Emg Signs of Fatigue in Anterior and Posterior Deltoid Muscles: Questioning the Role of Rms During Fatigue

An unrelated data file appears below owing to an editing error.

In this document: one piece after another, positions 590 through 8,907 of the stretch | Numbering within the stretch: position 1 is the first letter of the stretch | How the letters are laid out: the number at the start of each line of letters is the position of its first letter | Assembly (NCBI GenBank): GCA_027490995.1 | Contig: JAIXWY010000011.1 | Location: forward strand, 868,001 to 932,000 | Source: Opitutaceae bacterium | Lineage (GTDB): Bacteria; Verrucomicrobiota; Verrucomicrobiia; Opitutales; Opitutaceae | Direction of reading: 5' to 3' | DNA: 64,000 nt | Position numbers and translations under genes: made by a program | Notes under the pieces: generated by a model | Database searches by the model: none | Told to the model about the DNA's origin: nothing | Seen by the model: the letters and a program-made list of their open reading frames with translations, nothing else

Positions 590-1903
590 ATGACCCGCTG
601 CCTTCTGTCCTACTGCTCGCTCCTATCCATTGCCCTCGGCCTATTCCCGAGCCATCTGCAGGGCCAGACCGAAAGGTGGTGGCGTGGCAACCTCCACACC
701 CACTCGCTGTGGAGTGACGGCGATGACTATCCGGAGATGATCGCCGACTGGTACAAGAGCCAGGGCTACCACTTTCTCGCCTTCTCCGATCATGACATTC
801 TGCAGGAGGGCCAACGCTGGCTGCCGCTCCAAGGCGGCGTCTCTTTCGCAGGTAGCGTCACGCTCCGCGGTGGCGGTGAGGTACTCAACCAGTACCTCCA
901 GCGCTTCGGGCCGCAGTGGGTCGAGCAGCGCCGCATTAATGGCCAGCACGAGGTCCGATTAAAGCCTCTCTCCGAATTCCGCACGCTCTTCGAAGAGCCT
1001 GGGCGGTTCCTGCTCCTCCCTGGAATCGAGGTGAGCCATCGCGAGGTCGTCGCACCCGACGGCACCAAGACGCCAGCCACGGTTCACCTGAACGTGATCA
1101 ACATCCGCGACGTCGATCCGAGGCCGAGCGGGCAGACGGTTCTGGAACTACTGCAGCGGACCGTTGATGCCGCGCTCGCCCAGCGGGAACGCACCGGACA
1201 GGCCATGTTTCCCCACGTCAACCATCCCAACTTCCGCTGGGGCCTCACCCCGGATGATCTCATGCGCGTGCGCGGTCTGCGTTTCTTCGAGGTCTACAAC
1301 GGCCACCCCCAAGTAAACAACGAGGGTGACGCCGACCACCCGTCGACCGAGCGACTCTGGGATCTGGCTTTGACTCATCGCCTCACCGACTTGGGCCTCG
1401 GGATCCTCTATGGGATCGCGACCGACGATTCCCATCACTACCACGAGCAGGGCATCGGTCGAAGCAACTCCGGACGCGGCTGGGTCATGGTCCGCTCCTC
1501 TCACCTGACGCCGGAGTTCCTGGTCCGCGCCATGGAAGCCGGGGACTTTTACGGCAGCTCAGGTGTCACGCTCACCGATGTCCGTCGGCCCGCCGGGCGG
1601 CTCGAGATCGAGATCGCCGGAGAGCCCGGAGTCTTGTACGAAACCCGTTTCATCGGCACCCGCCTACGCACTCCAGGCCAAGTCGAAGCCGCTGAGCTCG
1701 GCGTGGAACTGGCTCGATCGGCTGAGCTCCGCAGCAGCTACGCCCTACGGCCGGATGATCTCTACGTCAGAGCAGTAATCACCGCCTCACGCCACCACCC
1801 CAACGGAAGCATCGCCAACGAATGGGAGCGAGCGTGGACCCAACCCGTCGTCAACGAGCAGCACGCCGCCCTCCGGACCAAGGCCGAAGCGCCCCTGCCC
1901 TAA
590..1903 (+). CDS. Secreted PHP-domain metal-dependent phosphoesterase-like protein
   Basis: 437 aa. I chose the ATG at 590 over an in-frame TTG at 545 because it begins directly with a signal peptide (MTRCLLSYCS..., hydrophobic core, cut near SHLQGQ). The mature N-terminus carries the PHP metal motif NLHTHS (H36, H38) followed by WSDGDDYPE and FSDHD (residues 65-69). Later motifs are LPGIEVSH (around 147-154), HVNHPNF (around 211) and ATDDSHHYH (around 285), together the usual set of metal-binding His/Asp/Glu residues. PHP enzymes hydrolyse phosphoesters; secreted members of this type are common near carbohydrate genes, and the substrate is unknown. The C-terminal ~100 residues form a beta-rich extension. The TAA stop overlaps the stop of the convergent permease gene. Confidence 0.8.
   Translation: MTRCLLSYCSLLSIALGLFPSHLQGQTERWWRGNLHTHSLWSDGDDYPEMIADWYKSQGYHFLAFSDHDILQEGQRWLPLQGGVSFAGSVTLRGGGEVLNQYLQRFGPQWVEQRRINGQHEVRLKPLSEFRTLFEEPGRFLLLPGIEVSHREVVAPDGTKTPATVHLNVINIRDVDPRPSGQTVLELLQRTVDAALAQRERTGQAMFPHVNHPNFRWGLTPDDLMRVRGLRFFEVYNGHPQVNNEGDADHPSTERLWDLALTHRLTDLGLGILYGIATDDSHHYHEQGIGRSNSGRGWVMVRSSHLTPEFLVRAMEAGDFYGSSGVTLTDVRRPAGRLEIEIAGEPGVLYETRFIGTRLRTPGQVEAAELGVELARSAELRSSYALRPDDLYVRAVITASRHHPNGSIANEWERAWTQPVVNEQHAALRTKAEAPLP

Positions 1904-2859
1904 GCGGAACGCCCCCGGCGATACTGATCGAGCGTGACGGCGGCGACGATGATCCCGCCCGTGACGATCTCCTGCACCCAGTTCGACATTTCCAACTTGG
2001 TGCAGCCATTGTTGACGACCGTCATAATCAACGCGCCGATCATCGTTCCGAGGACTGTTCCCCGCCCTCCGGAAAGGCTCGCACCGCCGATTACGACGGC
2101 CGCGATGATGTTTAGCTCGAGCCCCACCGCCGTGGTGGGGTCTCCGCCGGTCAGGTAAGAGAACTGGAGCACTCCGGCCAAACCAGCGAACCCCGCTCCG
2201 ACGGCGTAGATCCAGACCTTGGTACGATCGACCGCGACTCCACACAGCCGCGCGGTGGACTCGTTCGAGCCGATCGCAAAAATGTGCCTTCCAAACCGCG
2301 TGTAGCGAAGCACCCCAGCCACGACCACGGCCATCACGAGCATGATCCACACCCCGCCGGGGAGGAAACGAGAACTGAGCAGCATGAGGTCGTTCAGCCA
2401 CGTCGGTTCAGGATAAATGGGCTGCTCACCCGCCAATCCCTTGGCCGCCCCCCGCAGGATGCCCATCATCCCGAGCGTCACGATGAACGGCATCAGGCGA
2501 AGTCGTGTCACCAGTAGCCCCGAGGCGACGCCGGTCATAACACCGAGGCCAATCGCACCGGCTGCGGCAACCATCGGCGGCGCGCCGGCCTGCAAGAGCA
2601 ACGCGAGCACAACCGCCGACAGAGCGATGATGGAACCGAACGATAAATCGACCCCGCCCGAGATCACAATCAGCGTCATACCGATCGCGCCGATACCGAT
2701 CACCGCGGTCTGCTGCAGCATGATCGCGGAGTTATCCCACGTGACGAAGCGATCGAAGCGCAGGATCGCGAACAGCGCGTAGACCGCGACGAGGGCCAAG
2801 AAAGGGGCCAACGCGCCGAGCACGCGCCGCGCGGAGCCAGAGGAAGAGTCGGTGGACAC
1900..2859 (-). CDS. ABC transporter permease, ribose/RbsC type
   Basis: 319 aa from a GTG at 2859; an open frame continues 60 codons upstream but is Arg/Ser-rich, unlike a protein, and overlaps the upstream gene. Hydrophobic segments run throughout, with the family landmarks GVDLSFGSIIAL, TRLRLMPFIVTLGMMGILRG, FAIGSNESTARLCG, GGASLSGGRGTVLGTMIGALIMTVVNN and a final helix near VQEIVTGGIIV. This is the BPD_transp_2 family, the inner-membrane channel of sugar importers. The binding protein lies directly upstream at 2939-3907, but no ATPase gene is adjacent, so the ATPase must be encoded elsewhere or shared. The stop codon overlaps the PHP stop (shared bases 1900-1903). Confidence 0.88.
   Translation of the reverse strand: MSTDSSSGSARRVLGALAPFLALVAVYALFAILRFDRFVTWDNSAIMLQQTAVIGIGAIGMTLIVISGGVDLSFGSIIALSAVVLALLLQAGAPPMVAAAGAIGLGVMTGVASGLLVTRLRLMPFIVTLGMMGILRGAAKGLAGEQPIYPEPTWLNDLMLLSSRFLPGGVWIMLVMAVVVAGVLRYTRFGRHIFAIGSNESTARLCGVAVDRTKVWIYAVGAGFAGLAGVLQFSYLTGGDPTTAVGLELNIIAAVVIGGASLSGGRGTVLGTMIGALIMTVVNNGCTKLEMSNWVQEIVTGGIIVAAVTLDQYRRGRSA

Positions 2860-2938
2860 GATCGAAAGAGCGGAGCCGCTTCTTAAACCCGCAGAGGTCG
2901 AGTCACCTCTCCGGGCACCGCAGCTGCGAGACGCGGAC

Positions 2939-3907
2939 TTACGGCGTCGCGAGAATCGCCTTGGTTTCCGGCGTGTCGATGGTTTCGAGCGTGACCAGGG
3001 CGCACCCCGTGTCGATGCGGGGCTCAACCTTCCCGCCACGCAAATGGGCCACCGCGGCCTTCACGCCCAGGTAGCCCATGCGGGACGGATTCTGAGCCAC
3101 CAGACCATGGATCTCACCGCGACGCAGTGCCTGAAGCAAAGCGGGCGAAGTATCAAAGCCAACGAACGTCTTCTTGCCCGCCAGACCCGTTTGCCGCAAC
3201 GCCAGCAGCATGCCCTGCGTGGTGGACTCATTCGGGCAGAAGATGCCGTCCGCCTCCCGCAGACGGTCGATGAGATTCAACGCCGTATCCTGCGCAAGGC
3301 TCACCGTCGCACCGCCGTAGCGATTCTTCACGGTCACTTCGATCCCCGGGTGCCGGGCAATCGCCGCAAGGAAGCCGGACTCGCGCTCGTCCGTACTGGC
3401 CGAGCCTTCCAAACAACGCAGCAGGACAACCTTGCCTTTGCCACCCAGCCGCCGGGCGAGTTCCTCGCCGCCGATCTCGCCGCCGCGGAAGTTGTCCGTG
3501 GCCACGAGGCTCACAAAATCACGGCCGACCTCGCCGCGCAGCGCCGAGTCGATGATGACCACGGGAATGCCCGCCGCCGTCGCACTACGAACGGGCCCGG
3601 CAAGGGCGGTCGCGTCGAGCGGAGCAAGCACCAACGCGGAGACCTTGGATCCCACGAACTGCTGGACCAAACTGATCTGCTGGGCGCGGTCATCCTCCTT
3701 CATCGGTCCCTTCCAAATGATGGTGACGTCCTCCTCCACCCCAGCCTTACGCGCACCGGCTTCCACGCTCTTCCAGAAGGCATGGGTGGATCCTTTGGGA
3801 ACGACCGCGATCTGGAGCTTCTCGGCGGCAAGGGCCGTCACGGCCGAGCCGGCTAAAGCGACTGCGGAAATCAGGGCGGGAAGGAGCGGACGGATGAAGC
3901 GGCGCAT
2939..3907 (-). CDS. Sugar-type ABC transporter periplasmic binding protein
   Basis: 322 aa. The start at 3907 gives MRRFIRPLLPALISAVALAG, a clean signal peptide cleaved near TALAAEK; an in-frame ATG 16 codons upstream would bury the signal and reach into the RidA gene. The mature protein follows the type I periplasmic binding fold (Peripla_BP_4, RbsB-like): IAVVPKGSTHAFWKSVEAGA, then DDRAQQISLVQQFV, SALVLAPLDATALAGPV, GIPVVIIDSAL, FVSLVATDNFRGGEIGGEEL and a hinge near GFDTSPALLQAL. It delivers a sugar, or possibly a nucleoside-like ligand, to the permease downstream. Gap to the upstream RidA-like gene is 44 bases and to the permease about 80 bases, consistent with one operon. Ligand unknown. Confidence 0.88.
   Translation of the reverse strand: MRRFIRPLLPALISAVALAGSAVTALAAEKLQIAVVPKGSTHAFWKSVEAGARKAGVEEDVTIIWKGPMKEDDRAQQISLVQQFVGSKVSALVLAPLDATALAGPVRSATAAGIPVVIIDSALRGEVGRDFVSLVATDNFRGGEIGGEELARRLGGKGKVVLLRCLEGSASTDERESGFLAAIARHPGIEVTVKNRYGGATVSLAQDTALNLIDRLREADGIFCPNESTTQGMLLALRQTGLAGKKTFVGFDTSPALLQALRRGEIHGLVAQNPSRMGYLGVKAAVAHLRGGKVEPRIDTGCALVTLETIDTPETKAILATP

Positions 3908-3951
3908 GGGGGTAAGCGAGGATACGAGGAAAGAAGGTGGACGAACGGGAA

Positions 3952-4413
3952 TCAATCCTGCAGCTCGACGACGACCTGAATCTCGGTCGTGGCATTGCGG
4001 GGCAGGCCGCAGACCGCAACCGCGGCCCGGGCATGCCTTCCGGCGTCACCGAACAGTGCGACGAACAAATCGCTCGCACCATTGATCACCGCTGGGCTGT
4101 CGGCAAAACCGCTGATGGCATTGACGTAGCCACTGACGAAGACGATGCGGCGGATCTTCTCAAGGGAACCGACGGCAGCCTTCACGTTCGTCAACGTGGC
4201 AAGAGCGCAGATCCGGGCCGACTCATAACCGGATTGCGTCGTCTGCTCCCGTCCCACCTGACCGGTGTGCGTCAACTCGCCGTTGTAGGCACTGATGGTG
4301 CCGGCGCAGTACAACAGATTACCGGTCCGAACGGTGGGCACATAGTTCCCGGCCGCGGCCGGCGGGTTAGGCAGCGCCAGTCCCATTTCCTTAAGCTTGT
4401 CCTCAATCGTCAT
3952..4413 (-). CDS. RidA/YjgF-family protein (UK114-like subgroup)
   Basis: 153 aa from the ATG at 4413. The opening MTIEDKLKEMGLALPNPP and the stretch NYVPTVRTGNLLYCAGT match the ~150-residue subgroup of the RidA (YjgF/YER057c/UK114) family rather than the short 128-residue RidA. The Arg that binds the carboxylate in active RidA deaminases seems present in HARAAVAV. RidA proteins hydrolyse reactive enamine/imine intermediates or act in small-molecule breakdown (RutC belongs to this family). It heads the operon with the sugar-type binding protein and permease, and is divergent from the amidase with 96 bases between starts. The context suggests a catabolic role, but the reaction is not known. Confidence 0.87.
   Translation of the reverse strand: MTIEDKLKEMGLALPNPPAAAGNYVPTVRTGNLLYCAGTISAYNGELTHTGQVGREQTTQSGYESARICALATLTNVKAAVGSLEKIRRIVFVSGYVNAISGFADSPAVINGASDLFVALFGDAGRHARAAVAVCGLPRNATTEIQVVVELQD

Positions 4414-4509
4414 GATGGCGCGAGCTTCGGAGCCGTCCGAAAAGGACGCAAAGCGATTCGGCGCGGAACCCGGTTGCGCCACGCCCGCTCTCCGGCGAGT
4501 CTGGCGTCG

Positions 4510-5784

When a skeletal muscle fails to maintain a required force of contraction, it is fatigued. While the time-dependent shift in mean power frequency (MPF) of electromyographic (EMG) signals to lower frequencies is a well-established indicator of fatigue, the change in root mean squared (RMS) values of EMG signal has not been interpreted consistently in literature. This research investigates localized muscle fatigue in anterior and posterior deltoid muscles during isometric, isotonic, sustained contractions by examining patterns of fatigue through spectral and amplitude analysis of EMG recordings in terms of MPF and RMS, respectively. The EMG signals were obtained simultaneously from the anterior and posterior deltoid muscles of 10 healthy subjects by placing silver-silver chloride surface electrodes in bipolar configuration over each muscle on the dominant arm of the subject. Subjects held a weight of 2.5 pounds in one hand while maintaining that arm in a constant forward flexion position at 90, where the anterior deltoid is the agonist muscle and the posterior deltoid is the antagonist muscle. After a rest period of five minutes, the arm was then held in a constant backward extension position at 90abduction and extended as much as possible. MPF and RMS were calculated for every 4% of endurance time and averaged between subjects. The shift in MPF to lower frequencies was a consistent observation while, the patterns of RMS varied between the positions and subjects, and exhibited an overall decrease. The latter result challenges the common belief that RMS increases during fatigue and lead to the hypothesis that the pattern of RMS during fatigue is not a reliable indicator of fatigue.